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Wednesday, July 1, 2020
EXCLUSIVE: Romney Campaign Veterans Turn on Trump and GOP, Back Biden
Sen. Mitt Romney, R-Utah, speaks to media as he arrives for a briefing on Capitol Hill in Washington, Thursday, March, 12, 2020, on the coronavirus outbreak. (AP Photo/Carolyn Kaster) **FILE** Stephen Dinan
Veterans of Mitt Romney’s 2012 presidential campaign are eyeing an alliance with Joseph R. Biden, looking to make a splash in announcing they have turned their backs on the Republican Party this year and will support the presumptive Democratic presidential nominee instead.
Micah Spangler, who was a staffer in southern Florida for the Republican Party during the race, told fellow campaign veterans in emails Friday and over the weekend that he is working with the Biden team “to cultivate a network of Romney alums that want to help elect Joe in November.”
In a separate email to The Washington Times, he said he has received an outpouring of support over the first few days but wouldn’t disclose what motivated him to flip.
“Dozens and dozens of Romney 2012 staffers have ‘signed up’ — and there’s plenty more outreach to do,” he said in the email.
But some Romney campaign folks were indignant at the idea that anyone would leap from Mr. Romney to Mr. Biden, who as vice president was on the ticket in 2012 running against Mr. Romney.
“I wish my former Romney teammates no personal ill-will. But I question the patriotism and wisdom of supporting Joe Biden, who would be a cultural and economic disaster for the country,” said Brett Doster, who was a senior adviser for Mr. Romney’s Florida effort in 2012. “The Biden leftists can’t wait to flush free markets, the Constitution and unborn babies all down the same socialist sewage pipe.”
Andrew M. Bonderud, a lawyer who worked on the Romney campaign in Florida, said he didn’t remember Mr. Spangler but figured he was “probably a bit of an opportunist,” looking to capitalize on the possibility of a Biden victory.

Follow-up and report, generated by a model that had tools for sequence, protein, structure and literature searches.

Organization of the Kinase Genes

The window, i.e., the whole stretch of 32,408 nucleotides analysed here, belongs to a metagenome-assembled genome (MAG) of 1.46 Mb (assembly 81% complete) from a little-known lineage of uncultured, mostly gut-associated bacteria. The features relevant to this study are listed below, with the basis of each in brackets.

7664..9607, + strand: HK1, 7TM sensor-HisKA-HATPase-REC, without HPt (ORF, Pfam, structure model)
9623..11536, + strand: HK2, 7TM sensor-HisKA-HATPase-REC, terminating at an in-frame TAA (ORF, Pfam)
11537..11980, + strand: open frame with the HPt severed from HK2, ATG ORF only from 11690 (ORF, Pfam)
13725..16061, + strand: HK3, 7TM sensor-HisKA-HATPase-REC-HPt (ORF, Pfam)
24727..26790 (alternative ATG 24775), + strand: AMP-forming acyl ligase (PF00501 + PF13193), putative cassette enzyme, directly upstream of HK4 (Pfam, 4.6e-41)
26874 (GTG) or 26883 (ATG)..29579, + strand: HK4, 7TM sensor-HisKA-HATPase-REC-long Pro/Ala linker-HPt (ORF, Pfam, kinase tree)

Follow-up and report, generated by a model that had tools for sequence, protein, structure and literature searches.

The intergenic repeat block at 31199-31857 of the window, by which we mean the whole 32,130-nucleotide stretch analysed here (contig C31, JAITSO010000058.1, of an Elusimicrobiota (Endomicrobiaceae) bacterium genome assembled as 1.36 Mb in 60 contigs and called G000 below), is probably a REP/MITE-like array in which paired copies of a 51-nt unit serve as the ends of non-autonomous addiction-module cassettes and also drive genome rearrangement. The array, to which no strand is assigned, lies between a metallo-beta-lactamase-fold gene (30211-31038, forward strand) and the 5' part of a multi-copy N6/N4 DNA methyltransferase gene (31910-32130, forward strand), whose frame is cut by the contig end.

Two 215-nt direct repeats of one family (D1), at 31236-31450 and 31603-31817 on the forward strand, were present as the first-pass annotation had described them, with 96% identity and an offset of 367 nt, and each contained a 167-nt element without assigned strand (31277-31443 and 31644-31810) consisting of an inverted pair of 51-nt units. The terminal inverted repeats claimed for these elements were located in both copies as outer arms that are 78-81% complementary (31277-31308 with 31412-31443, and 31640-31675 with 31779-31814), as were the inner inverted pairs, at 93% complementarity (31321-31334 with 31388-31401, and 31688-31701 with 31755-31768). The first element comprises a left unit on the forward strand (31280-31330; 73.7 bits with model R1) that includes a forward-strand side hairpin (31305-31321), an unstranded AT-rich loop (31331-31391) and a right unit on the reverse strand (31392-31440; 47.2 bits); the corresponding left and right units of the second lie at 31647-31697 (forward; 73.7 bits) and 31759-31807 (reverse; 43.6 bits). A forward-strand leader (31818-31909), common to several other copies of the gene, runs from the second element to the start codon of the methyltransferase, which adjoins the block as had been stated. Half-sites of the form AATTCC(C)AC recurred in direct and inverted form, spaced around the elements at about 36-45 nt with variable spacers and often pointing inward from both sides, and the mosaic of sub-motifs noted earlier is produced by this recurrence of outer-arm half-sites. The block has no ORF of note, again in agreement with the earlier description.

“I think it’s madness,” he said. “I suspect it’s going to have a small audience. Most of the people with whom I worked on the Romney campaign are supporting Trump.”
What the effort does, though, is put Mr. Romney in a tricky spot.
He was the 2012 Republican nominee who lost his bid to unseat President Obama in an election his party thought was winnable.
He won a Senate seat from Utah in 2018 and in February became the first senator in history to vote to convict and remove a president of his own party, siding with Democrats in their impeachment effort.
He has been public about withholding support from President Trump in 2016 and said he wrote in his wife, Ann, on his ballot.
His office didn’t respond to multiple requests for comment, including whether he disavowed the push to use his name to back Mr. Biden.
It’s unlikely the Romney-to-Biden effort will sway self-identified Republicans. Gallup’s latest polling shows the president has 85% approval in his party, though that is down from 92% in early May.
Mr. Romney had 96% support of Republicans in Gallup’s final survey before the 2012 election.
A more likely target for the Romney flippers are independents or any voters who identified as Republican a decade ago but no longer do.
It’s rare, but not unheard of, for a sitting member of Congress to support the opposing party’s nominee.
Sen. Zell Miller, Georgia Democrat, did so in 2004 and even spoke at the Republican National Convention to endorse President George W. Bush.
Some of Mr. Romney’s top political advisers reached by The Times said they hadn’t been contacted by the pro-Biden effort.
Mr. Trump has run hot and cold on Mr. Romney, mocking him for his 2012 loss, backing him for his 2018 Senate run and labeling him a “loser” as Mr. Romney’s criticism intensified this year.
The Biden campaign didn’t respond to a request for comment.
Mr. Spangler is now director of advocacy at the United Nations Association.
During the 2012 campaign, the Republican Party of Florida paid him as part of the joint victory effort, beginning in July. He earned $2,500 a month, according to Federal Election Commission spending records.
The Washington Times asked him what spurred his turn away from the Republican Party and whether it was related to Mr. Trump, but he did not respond to those questions. Instead, he celebrated the reaction he said he has received.
“At first, I honestly wasn’t sure what sort of responses (if any) I’d receive but over the last 72 hours, there’s been an outpouring of support across all sectors of the campaign,” he wrote.